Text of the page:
Devadasi system gained considerable popularity during the Vijayanagaram emperor’s period, in India the Devadasi system existed all over the country, but known with different names in different regions. As Bhavinis in Goa, Bhagtan or Bhagtani in Marwar1.Mahavir in Kerela, Natis in Assam, Mardti in Maharastra, Basavi or Mathamma or Jogini in Andhra Pradesh and Jogatis or Basavis in Karnataka2 exhibiting certain unique features. For they were known originally as ‘Devadasi’ whose purpose was to entertain God3. The temple in the term ‘Devadasi’ means a ‘Servant to god’ something like priestess who sacrifices her physical pleasures and family life and chooses to serve god throughout her life by leading a life a saint.The public were brainwashed that religious practices as prescribed by the leaders were the only means of emancipation for human kind. Devadasi means woman for the service of some deity of sacred object in a temple. Also called Mathamma or Jogini in many parts of South India.
Yerukulas are one of the major schedule tribes in Andhra Pradesh, distributed chiefly all over the plains in the State but sparsely in the adjacent States like Tamilnadu and Karnataka1, and few other contiguous states like Kerala, Maharashtra, Madhya Pradesh and Rajasthan. Though, they go by name Yerukulas in Andhra Pradesh, they are also known by several names in various states as 'Koravas1 in Tamilnadu, 'Korchas1 or 'Koramas1 in Karnataka and Kerala 'Kaikaris' in Maharashtra, Gujarat, Madhya Pradesh and Rajasthan.2"4 They speak Dravidian dialect known as 'Yerukali' o r 'Kurru1 which is an admixture of several Dravidian languages-Telugu, Tamil and Kannada5. Within Andhra Pradesh, they are more densely spread across the whole of Coastal region than they are in the Telangana and Rayalaseema regions.
Normally soil is considered as static, but in reality it is dynamic, ever-changing and evolving. It is the continued response of the soil to its environment that determines its state of productivity. Since, all agricultural activities are directly or indirectly affected by ‘how the soil is to be handled’ hence its health become prime concern.The competing demands for finite soil resources by different sectors emphasize the need for appropriate land use planning. This is focused our attention to develop alternative suitable land use options for sustaining the increasing population with environmental security. Therefore, the knowledge on nature and properties of soils, their relationship with landforms and spatial distribution is very essential for developing a suitable land use plan.Though sporadic information is available on characterization and classification of soils in Andhra Pradesh , no information is available on these aspects for the soils of Banaganapalle mandal in particular and Kurnool district, in general.
The Panchayat Raj System has been working for the development of society.There are many advantages with it. Many changes has been taking place in this but still the system is not up to the mark, people and policy makers are ignoring it importance for certain extant. Self government concept at individual level of every Grama Panchayat is good for resource allocation, decision making and control of developmental activities. This book entitled "Working of Panchayat Raj system in Andhra Pradesh" consist of eight chapters in this regard will help the students to lead a understanding of panchayat raj system for its actions, provisions and its responsibility in surrounding to them. It is in this context that there is now an urgency to lay a strong foundation and strengthen Panchayat Raj system.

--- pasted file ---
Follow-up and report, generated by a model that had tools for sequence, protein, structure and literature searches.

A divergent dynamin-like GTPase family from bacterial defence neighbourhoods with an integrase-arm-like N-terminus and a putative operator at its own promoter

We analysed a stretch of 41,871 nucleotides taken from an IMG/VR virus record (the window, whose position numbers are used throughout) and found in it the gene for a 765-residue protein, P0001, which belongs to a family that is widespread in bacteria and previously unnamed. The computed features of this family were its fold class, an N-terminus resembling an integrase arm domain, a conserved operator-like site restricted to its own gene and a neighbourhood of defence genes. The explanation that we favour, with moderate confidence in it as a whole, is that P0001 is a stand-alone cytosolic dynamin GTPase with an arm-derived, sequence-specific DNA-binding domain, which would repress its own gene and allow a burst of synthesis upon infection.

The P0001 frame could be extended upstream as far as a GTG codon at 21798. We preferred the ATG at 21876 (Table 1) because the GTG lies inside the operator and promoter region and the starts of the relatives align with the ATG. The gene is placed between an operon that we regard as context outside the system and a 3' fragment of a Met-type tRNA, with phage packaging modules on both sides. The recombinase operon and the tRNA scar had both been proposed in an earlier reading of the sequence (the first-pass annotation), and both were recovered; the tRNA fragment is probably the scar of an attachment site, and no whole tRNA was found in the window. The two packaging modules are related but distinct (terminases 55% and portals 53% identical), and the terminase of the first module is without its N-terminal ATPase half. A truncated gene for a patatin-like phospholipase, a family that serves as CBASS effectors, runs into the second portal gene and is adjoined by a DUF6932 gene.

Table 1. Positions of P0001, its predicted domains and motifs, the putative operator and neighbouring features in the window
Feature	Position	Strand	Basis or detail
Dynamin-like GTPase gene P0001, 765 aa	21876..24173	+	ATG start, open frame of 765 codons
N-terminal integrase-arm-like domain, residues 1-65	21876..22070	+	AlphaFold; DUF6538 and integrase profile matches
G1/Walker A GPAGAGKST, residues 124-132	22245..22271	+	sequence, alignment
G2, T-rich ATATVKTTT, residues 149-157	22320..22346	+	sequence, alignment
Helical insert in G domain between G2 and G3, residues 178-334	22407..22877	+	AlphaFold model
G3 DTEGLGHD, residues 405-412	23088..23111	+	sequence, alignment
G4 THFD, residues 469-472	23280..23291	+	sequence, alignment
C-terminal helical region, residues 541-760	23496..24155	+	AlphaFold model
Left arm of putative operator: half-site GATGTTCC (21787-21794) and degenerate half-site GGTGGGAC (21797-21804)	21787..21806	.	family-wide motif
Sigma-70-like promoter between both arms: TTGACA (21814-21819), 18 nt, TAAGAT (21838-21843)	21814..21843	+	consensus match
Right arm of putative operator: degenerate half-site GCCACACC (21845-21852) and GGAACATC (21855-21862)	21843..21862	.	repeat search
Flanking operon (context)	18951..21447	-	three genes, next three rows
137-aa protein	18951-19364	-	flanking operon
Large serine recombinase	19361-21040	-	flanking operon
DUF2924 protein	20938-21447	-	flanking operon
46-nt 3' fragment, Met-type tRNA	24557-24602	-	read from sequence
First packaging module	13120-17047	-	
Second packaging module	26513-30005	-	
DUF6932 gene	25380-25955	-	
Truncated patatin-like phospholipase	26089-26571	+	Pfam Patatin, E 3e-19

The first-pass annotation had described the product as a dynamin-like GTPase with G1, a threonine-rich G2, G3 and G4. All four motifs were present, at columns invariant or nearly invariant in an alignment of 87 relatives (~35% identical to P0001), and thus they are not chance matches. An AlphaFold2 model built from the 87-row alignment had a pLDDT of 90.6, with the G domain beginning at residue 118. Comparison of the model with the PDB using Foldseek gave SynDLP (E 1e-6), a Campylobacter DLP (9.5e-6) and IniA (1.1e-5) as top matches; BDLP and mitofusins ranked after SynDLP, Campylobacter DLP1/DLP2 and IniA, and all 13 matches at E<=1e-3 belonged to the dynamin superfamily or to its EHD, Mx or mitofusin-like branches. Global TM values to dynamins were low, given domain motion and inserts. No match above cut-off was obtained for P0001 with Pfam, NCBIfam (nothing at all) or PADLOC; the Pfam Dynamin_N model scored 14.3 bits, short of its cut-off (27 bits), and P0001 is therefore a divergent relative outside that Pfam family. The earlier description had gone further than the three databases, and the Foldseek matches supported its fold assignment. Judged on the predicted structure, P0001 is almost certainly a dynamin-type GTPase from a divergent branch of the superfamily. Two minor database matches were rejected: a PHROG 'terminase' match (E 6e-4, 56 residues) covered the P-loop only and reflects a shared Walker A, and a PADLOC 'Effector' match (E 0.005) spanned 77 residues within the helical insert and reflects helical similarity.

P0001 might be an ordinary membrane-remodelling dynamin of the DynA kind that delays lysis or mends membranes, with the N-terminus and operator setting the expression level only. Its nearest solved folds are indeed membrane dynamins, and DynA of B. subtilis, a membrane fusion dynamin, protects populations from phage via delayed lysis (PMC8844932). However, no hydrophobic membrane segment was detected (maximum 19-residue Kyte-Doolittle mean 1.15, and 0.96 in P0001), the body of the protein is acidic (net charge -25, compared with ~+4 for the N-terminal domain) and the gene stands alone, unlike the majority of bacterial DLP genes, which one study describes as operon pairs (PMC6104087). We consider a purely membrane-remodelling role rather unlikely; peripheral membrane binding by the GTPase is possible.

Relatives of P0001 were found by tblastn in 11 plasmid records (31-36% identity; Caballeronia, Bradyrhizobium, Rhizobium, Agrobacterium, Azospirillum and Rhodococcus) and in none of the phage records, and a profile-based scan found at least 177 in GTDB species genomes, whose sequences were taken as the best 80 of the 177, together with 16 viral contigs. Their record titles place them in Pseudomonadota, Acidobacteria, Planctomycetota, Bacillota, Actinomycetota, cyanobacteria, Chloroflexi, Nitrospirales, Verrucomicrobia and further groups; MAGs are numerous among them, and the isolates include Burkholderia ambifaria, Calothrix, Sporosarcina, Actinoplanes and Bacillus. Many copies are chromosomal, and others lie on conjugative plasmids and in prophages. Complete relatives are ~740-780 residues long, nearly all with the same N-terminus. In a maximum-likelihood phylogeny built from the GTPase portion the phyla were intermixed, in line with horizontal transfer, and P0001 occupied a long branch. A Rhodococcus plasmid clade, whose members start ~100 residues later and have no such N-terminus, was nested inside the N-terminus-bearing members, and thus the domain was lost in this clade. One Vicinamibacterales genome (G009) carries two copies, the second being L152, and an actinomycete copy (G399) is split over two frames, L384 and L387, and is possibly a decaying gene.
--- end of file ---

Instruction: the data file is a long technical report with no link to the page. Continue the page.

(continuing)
Housing is one of the basic necessities of human life, besides food and clothing. Housing is an important constituent of the quality of life. Lack of proper housing is considered an indication of social poverty. Majority of the families in Afro-Asian countries live in semi Pucca or kutcha houses and India is no exception. The demand for housing has been tremendously increasing due to alarming rise in the population on one side and collapse of kutcha houses (thatched) due to lack of proper maintenance natural hazards on the other. Keeping in view the serious implications of the social poverty on the overall human development, The United Nations declared 1987 as the "International year of the Shelter for the Homeless". As a result many countries have considered housing as one of the prime concerns in their national agenda. Housing is also an index of the socio-economic progress of a country. It is recognized as a productive activity, which stimulates employment and economic growth. It also provides the base for increased access to health, education, water supply and sanitation, especially for the poor and the vulnerable groups.
“Economic growth contributes most to poverty reduction when it expands the employment, productivity and wages of poor people and when public resources are channelled to promoting human development.... A virtuous cycle of economic growth and human development arises when growth is labour using and employment generating and when human skills and health improve rapidly”. -UNDP, Human Development Report (1997)
Paradox of Food Insecurity (FI) with plenty of Food has been found in Orissa, India, like any other part in World. Investigating into the causes, we found that – Entitlement failure rather than Food Availability Decline is the detrimental factor of Food Deprivation in Orissa. This has supported the arguments of the Nobel laureate Amartya Sen (1981). Public support through Public Distribution System (PDS) could have reduced FI but its’ poor designing, implementation & functioning left the poor in the cold. The household data collected from field exhibits - PDS could not reduced FI substantially, mainly due to meager amount of entitlement of rice, higher subsidy in sugar and existence of targeting errors (both Type I & Type II errors), which has led to inefficient income transfer. PDS provides only around 11 percent of the monthly per capita consumption to the surveyed households. Hike in the issue prices of PDS ration has cascading effects in reducing the household’s expenditure on food, cloth, education and health substantially. But given the weaker demand side; a well-designed PDS is necessary in the state. The book will be useful for researchers, academicians & policy makers.
In this book the author discussed about e-governance in Indian states and e-governance of other countries like U.S.A, U.K, Japan, South Africa, Mexico, New Zealand. National E-governance Policy of India, Andhra Pradesh E-governance Practice especially concentrated on E-seva Policy of Andhra Pradesh & Citizen Perception on E-seva Policy of Andhra Pradesh, India.